Campaign Finance & Election
Campaigns should be open and free, not prone to manipulation through government financing schemes. And now the U.S. Supreme Court agrees.
As the Supreme Court considered the Goldwater Institute’s appeal in McComish v. Bennett, the justices had to decide if the case raises any issues of nationwide importance. This week, the Court said the Goldwater Institute’s challenge to the use of matching funds in Arizona’s “Clean Elections” system meets that test. The Supreme Court accepted the appeal and will hear oral arguments sometime in the spring of 2011.
One of the most abusive assaults on Arizona sovereignty is one of the least-known: the inclusion of Arizona among a handful of states subject to Section 5 of the Voting Rights Act.
The Goldwater Institute has fought Arizona's "Clean Elections" system all the way to the U.S. Supreme Court to ask one basic question: Can the state manipulate the political game to silence privately-financed candidates and drive them out of elections in favor of government-funded candidates?
When school districts borrow money by issuing bonds, they put taxpayers on the line to repay the funds. This is why Arizona law requires voters to decide whether the specific projects are worth the extra tax burden. But the legislature passed a new law in 2010 that carves out privileges for certain school boards to override the will of the voters. What results is an unconstitutional system that violates a contract between voters and school districts, and replaces voter approval with the preferences of school board members.
Although the language of the proposed initiative focuses almost entirely on primary elections, and the summary and title does so exclusively, in fact the proposed initiative makes profound changes to both primary and general elections. Arizona presently has what might be called a rectangular system of elections: a relatively open primary (independents may vote in Republican and Democratic primaries, and third parties may qualify to hold primary elections); and an open general election (qualified third parties and independents may appear on the ballot along with Republicans and Democrats).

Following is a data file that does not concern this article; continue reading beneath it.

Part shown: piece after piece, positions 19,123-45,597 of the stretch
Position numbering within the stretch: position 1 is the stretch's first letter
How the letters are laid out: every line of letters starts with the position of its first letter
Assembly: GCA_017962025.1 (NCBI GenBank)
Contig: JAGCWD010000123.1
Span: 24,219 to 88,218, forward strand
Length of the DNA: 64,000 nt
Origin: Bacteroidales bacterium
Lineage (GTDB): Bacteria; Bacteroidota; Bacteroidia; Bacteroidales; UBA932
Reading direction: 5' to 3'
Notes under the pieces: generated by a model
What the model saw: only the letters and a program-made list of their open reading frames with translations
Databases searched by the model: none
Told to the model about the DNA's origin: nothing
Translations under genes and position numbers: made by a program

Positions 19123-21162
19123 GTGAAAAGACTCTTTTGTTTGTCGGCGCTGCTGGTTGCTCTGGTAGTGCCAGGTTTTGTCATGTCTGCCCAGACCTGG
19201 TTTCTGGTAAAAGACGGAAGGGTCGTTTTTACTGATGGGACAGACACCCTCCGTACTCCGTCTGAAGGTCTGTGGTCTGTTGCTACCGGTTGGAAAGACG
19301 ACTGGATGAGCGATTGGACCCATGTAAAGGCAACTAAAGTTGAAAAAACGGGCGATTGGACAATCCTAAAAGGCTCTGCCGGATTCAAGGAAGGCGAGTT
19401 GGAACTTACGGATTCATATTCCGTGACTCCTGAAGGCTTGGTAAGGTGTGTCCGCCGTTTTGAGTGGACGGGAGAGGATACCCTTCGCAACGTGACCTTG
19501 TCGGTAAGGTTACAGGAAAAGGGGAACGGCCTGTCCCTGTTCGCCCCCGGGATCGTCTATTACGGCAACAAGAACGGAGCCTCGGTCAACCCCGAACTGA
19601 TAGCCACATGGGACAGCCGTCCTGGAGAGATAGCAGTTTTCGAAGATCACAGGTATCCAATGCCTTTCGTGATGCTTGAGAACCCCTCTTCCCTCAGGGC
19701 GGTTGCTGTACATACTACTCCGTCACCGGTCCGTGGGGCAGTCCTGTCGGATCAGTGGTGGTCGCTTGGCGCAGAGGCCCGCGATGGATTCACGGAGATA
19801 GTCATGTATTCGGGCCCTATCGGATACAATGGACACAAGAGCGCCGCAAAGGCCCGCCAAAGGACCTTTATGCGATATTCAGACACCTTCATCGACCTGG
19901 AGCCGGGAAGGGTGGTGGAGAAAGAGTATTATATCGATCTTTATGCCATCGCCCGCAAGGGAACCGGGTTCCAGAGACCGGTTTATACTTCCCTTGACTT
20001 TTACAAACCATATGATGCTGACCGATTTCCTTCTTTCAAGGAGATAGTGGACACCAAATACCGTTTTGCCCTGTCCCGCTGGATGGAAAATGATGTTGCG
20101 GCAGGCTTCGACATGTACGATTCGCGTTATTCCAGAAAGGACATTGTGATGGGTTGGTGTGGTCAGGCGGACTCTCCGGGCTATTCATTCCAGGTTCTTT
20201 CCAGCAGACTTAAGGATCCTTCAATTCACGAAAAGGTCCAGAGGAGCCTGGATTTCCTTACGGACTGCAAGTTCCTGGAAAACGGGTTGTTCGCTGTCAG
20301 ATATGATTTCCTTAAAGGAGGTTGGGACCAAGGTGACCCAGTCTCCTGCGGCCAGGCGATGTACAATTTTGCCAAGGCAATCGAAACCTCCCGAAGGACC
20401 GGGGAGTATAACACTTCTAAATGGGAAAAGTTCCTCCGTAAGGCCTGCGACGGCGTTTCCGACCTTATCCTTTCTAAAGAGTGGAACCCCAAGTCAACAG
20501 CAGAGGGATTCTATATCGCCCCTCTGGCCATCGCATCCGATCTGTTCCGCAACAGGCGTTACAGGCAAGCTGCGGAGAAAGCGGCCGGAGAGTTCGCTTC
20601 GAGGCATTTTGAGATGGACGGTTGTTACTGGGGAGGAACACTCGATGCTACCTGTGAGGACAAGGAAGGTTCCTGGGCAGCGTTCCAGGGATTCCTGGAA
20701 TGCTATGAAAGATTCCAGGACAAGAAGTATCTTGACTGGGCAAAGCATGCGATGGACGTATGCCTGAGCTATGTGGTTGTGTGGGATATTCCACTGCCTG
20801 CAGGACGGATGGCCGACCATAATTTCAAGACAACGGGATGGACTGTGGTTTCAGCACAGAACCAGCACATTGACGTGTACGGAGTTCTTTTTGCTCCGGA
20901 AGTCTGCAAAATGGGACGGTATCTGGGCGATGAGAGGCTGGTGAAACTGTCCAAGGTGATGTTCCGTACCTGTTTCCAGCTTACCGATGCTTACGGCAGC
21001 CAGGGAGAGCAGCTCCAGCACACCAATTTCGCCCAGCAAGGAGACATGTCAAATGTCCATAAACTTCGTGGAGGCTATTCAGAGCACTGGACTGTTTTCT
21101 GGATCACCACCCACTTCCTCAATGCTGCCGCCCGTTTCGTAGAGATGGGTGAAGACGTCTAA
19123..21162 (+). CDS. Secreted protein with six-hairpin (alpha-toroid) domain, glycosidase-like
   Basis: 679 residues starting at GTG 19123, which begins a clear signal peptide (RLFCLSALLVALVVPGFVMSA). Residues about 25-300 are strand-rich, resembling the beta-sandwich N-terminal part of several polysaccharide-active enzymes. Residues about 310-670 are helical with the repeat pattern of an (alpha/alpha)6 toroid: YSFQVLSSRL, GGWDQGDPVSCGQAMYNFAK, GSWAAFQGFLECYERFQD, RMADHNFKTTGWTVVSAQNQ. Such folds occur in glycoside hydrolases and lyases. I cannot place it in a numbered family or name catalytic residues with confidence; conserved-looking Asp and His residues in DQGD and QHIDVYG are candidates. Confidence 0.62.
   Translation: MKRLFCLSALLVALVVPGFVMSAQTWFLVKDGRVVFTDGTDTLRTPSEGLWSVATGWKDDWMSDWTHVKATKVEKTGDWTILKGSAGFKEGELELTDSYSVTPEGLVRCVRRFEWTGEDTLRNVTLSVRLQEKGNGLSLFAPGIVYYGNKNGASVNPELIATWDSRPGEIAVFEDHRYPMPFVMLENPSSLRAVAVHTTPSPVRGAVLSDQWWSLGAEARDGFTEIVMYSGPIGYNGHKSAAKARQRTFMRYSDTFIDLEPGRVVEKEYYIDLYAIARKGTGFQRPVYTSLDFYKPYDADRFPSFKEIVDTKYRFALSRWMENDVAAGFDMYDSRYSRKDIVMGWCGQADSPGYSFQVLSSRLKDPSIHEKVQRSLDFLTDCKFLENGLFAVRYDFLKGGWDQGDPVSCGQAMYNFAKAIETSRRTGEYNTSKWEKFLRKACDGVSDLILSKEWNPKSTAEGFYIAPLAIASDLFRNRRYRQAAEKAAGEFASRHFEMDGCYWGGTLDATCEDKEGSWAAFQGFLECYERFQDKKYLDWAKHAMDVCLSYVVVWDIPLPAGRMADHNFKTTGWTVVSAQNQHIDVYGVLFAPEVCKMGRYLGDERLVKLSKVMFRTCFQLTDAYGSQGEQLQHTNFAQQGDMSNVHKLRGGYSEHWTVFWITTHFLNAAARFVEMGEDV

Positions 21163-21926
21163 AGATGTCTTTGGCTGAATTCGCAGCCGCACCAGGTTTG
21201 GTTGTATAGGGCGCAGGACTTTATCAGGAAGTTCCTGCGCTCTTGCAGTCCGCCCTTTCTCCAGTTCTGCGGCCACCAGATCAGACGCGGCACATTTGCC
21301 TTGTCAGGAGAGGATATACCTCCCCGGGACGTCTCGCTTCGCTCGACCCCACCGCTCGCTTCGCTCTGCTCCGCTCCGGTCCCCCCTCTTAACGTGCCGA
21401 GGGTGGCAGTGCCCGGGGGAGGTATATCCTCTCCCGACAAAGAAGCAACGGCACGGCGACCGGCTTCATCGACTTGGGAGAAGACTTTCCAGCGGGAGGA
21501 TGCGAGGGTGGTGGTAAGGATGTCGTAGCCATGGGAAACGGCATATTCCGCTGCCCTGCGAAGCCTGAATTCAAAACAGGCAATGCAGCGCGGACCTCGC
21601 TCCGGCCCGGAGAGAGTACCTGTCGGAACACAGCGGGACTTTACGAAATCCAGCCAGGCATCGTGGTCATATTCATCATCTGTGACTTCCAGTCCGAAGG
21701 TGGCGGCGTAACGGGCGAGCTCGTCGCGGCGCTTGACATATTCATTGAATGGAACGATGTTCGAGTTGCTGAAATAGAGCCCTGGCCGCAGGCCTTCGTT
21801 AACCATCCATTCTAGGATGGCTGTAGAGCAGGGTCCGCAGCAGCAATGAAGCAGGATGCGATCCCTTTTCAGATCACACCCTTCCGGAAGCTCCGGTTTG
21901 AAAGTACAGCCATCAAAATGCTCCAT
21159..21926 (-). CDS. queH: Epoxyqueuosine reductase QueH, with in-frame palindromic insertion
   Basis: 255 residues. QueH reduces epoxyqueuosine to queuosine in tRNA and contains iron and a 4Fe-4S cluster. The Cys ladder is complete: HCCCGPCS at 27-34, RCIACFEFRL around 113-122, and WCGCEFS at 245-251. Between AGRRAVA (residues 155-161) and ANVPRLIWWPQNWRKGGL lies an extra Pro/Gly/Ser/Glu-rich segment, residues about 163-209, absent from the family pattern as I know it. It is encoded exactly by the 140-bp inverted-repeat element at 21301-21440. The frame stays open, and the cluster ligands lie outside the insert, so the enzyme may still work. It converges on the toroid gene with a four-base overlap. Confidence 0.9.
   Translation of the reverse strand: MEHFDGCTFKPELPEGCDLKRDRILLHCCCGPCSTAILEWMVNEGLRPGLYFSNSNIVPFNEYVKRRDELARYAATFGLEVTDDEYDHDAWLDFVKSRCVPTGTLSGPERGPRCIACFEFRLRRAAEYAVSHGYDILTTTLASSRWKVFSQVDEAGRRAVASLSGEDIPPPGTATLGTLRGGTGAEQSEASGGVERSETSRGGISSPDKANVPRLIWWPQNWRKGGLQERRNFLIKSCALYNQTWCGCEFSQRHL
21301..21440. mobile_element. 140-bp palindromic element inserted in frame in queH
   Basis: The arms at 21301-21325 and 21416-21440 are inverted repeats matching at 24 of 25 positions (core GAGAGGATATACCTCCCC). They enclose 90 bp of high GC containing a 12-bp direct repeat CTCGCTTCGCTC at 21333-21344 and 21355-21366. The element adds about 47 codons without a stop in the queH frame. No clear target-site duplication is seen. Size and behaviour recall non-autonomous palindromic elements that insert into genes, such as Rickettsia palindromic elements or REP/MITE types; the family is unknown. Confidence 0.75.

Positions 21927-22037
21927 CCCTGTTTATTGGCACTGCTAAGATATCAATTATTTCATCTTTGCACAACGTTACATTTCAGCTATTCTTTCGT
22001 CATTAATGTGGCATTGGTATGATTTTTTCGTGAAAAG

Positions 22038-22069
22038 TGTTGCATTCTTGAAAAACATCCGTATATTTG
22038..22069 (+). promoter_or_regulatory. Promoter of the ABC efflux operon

The Fiesta Bowl investigation is exposing the fact that taxpayer funding for political candidates under Arizona’s Clean Elections system does not, in fact, keep politicians clean. Nearly half of the state legislators receiving allegedly illegal contributions and previously undisclosed junkets from the Fiesta Bowl ran for office with Clean Elections funds. Arizona’s campaign finance system has nothing to do with preventing the appearance of impropriety and everything to do with funneling taxpayer dollars to politicians.
The campaign this year is the first in four decades without a presidential or vice-presidential incumbent. It is a perfect opportunity for reflection on our national progress and for resetting our course as needed to assure future generations attain liberty and opportunity.
But the candidates have resolutely ignored any big-picture ideas, especially those which might involve hard choices or sacrifices. To listen to the debates, you would never guess that our country is on a financially unsustainable course that worsens every passing year.
Last week Senator Barack Obama announced that he will not take government money to support his presidential campaign. As he put it, the current system of financing drown[s] out the voices of the American people. Obama's choice will allow him to raise and spend as much as he can, letting his supporters be heard loud and clear this fall.
Is the ballot initiative process fundamentally at war with the foundation of American government? Unfortunately, the short answer is yes-unless the initiative process is reformed to limit government power.
Serious consideration is being given to a measure well worth its time, SCR 1009, bringing an end to public agency lobbyists. It accomplishes a simple goal: stopping government from using your money to lobby itself.